How to Make Sure the Music in Your Promo Kit Gets Heard

By Bob Baker

As you surely know, one of the primary ways to present your band or record label to the industry is through a solid press kit. I've spent a great deal of time over the years preaching about the art of crafting effective bios, cover letters, press releases and more. Of course, those tools provide an excellent way for people to read about your music. But they still have to hear it to be truly sold.

I'd like to focus on the following four tips to help you get your music heard through a press kit:

CDs are preferred. After having received many thousands of packages over the years, I can tell you that CDs are by far the format of choice. And for all the obvious reasons: sound quality, convenience and the ease of cuing up individual tracks. Some time, just for fun, pop in a cassette you're not familiar with and try finding the beginning of the second song... then the third song. It's frustrating and time consuming. So you can imagine how thrilled overworked media people are when they have to awkwardly skip through a tape to get a feel for a new release.

Note: If you think everyone receiving your press kit is going to play your recording all the way through, guess again. Most of them will breeze through it to determine if your album is worth a more in-depth listening. CDs make this process infinitely easier. And that's your job: to make it as easy as possible for people to give you press, radio airplay, paid gigs and more.

Prioritize who gets what. If you want to reach a lot of media sources and simply can't afford to send everyone CDs, do this: Send your CDs to the high-priority contacts and places most likely to respond. Send cassettes to the rest. You can also have a third category of lower-priority contacts to which you simply send, for instance, your bio and a photo. In the cover letter that goes with them, ask the recipient to contact you if they want a free review copy. That way, you're only sending your tapes and CDs to the people who really want them.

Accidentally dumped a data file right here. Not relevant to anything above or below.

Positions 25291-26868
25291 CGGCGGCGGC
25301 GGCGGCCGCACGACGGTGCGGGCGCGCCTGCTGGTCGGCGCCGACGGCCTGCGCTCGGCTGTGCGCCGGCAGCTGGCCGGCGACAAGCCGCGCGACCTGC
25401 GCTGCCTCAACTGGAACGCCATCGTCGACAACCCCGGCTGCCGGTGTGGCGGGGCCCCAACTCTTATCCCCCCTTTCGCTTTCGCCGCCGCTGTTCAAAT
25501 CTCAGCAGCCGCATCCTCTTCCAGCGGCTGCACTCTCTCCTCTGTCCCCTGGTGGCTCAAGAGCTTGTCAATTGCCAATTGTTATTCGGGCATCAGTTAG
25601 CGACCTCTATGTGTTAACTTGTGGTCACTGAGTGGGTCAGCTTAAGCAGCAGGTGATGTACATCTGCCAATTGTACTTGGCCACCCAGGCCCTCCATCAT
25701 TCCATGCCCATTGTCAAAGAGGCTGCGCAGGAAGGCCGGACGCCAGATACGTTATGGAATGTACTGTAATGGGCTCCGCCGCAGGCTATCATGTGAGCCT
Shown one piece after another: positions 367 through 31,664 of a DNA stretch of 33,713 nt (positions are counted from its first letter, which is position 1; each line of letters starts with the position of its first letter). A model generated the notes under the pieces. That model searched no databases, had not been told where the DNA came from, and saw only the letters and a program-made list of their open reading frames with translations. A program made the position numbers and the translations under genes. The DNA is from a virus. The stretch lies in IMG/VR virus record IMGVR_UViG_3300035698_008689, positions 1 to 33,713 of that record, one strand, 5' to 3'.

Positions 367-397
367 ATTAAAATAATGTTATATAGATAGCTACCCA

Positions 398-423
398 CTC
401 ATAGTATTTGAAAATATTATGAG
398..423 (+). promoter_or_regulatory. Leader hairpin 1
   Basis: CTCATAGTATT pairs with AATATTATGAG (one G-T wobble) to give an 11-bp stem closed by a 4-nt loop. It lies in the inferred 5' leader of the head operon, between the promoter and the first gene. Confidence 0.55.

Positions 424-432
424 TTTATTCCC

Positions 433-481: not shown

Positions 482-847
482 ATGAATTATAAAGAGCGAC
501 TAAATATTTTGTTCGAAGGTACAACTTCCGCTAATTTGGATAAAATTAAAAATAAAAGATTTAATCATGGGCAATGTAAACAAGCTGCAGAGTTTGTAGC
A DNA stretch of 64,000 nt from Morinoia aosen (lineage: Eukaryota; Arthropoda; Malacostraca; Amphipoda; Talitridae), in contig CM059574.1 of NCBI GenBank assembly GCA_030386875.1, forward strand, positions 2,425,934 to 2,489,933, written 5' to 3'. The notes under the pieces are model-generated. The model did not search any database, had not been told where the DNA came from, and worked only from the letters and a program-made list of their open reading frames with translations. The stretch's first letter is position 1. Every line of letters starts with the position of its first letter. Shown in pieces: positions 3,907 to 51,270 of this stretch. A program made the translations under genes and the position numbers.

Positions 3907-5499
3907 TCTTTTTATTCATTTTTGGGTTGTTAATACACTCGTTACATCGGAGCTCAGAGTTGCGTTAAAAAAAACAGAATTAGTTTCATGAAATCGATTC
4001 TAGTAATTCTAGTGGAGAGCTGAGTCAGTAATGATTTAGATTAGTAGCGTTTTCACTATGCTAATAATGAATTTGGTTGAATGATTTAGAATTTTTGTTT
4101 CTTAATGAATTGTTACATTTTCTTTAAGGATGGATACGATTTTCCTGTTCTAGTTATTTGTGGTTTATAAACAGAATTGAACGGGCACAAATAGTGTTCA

Take off the shrink wrap. It may seem like a minor thing, but it does take some effort to pry off that impenetrable plastic that surrounds new CDs and cassettes. Imagine being pressed for time and having to wrestle with a dozen (or more) of these babies at one sitting. Again, make it easier for people to enjoy your music and you will be rewarded!

Make sure complete contact info is on both the CD/cassette and the case it came in. I'll admit it, I'm a contact information freak. If you're going to be a lean, mean, independent music-making machine, you must do everything you can to get people (both industry folks and fans) to connect with you. Sending out your press kit and then expecting people to go to work figuring out how to get in touch with you is pure idiocy.

Cover letters get separated from bios. Photos get removed from press releases. J-cards drift away from the cassettes they identify. Put your contact info on everything! Think of your music marketing tools as frisky puppies that love to break from the leash and run away. They need identification tags so the people who find them know who they belong to.

I hope these ideas motivate you to make it easier for others to listen to your music and help you succeed.